for the employees with little or no additional costs for the employer.
Employees direct a portion of their wages into the accounts to provide
for the reimbursement of dependent care or unreimbursed medical costs.
Employees pay lower income taxes and the company will pay less in payroll
These are "use
it or lose it" arrangements. Employees decide how much to defer for
each type of expense and that decision is irrevocable. Many insurance
companies offer these types of arrangements and some will handle all the
Many employees are interested in furthering their education. If your business
requires ongoing training in certain fields, it may be prudent to provide
partial or total reimbursement for certain types of classes. The employees
enhance their skills and you have a better-trained employee group.
Vacation and days-off
Employees need time off occasionally for personal business or just for
rest and relaxation. Having a policy that employees understand and that
provides some flexibility will be greatly appreciated.
Benefits that cost
little or no money
The work environment and the personal satisfaction an employee gets are
also important parts of the total compensation employee receives. No one
likes to spend time in an environment that is emotionally uncomfortable.
There are also the federal and state laws that protect workers from harassment
and discrimination in the workplace.
Here are some ideas
that can help boost employee satisfaction:
1. Make sure the work
is meaningful. Even if it is boring and repetitive, make sure the employees
know that their efforts are needed and appreciated. No one likes to think
they just spent eight hours doing something useless that no one cares
2. Provide ways for
employees to learn. This doesn't have to be paying for a class. Perhaps,
there are tasks that can be switched with other employees. Such a switch
will give two people the opportunity to learn something, and you will
have some backup of one of the two is sick or quits.
3. Empower employees
to make decisions. Most individuals will make the right decisions if they
have an understanding of the issues and have some guidelines. Also, by
letting employees make decisions, managers' time is available for other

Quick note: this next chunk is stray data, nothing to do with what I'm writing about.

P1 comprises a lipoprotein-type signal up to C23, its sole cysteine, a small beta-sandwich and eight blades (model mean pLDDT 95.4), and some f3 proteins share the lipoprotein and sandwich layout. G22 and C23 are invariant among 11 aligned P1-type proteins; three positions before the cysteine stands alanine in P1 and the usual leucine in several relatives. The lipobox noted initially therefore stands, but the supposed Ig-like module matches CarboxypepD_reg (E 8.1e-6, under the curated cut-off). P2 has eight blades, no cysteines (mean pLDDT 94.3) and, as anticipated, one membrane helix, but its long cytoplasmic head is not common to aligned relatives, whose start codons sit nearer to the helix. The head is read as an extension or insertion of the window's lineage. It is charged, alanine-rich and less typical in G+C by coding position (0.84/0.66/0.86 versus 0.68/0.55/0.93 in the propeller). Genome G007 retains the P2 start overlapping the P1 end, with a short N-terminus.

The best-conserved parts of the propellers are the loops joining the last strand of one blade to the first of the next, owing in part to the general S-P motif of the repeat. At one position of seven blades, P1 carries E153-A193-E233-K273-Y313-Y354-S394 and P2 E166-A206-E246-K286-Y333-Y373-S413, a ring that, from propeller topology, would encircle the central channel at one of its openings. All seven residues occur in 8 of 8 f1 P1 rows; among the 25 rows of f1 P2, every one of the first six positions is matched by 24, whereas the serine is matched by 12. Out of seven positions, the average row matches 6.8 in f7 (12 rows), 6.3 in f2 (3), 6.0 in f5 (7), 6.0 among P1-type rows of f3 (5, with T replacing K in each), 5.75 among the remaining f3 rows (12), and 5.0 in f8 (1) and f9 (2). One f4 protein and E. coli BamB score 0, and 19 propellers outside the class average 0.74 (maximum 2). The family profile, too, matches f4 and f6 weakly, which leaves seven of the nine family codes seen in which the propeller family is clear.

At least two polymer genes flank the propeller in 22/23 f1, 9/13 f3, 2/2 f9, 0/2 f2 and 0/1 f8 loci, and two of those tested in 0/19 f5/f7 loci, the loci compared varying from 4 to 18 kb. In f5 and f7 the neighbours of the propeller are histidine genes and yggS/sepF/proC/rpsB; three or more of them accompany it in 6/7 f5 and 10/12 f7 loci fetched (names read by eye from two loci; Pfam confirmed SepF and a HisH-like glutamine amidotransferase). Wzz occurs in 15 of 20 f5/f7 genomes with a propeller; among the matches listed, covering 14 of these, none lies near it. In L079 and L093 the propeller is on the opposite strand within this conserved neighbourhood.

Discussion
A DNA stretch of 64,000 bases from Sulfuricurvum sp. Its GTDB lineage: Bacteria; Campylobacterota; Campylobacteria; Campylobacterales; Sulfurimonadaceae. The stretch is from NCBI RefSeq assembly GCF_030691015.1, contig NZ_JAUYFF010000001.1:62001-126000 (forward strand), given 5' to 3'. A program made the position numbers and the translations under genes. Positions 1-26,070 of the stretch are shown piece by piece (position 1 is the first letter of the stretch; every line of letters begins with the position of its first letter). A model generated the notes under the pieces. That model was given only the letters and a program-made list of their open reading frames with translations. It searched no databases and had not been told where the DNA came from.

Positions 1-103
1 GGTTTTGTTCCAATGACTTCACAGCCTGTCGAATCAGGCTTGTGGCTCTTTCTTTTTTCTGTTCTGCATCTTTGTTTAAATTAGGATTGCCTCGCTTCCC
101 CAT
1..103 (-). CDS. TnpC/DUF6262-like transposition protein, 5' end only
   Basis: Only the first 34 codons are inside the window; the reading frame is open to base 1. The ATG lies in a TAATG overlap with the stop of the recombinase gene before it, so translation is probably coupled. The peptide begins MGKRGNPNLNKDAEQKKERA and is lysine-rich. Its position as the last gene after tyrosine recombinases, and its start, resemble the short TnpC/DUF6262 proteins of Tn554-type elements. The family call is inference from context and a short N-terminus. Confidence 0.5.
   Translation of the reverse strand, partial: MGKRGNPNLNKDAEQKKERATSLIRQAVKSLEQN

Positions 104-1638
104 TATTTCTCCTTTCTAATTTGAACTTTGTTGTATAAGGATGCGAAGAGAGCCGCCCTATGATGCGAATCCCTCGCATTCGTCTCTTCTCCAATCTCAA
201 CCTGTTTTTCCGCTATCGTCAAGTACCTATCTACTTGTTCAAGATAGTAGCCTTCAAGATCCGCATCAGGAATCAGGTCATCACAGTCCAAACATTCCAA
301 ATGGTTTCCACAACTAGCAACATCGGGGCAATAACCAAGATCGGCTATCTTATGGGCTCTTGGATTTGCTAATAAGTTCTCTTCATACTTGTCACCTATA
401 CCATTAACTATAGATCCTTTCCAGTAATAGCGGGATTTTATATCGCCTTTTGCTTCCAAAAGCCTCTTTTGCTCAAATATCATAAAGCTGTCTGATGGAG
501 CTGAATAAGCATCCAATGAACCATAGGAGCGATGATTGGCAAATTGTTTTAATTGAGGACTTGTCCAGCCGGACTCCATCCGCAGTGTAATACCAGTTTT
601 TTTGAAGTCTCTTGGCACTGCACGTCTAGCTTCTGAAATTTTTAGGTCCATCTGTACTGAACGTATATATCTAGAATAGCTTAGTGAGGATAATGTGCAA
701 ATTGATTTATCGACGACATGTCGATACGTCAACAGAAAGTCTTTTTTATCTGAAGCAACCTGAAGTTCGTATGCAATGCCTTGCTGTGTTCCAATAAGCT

4. Let employees know
what is expected of them and how they are doing. Performance reviews are
essential. Every employee should receive a formal review at least annually.
5. Make it a point
to recognize employees when they have done an especially good job. Bonuses
are nice, but compliments are meaningful. Have you ever noticed plaques
for "Employees of the Month" in many businesses? Some businesses
even provide special parking spots for "Employees of the Month."
6. Provide some flexibility.
Everyone is busy and unexpected things do arise. If you can go a little
extra ways to allow employees to tend to important personal matters, it
may come back to you many times over when you need something extra from
and direct deposit
Many employees are interested in accumulating funds and yet have a very
difficult time actually saving money on a month-to-month basis. You may
be able to help them without any cost. Most payroll services offer employees
the ability to direct a portion of their wages into an account at their
financial institution. Be sure your employees are aware of this option
and also direct deposit. These conveniences make it easier for employees
to handle their finances and the company may save some of the costs of
Employee benefits are important. Creating a program doesn't have to be
difficult or expensive. The trend is for more flexibility for employees
to choose what is important to them and for employees to share in the
total cost. While most recruiting conversations center on salary levels,
ongoing employee satisfaction is greatly influenced by what comes with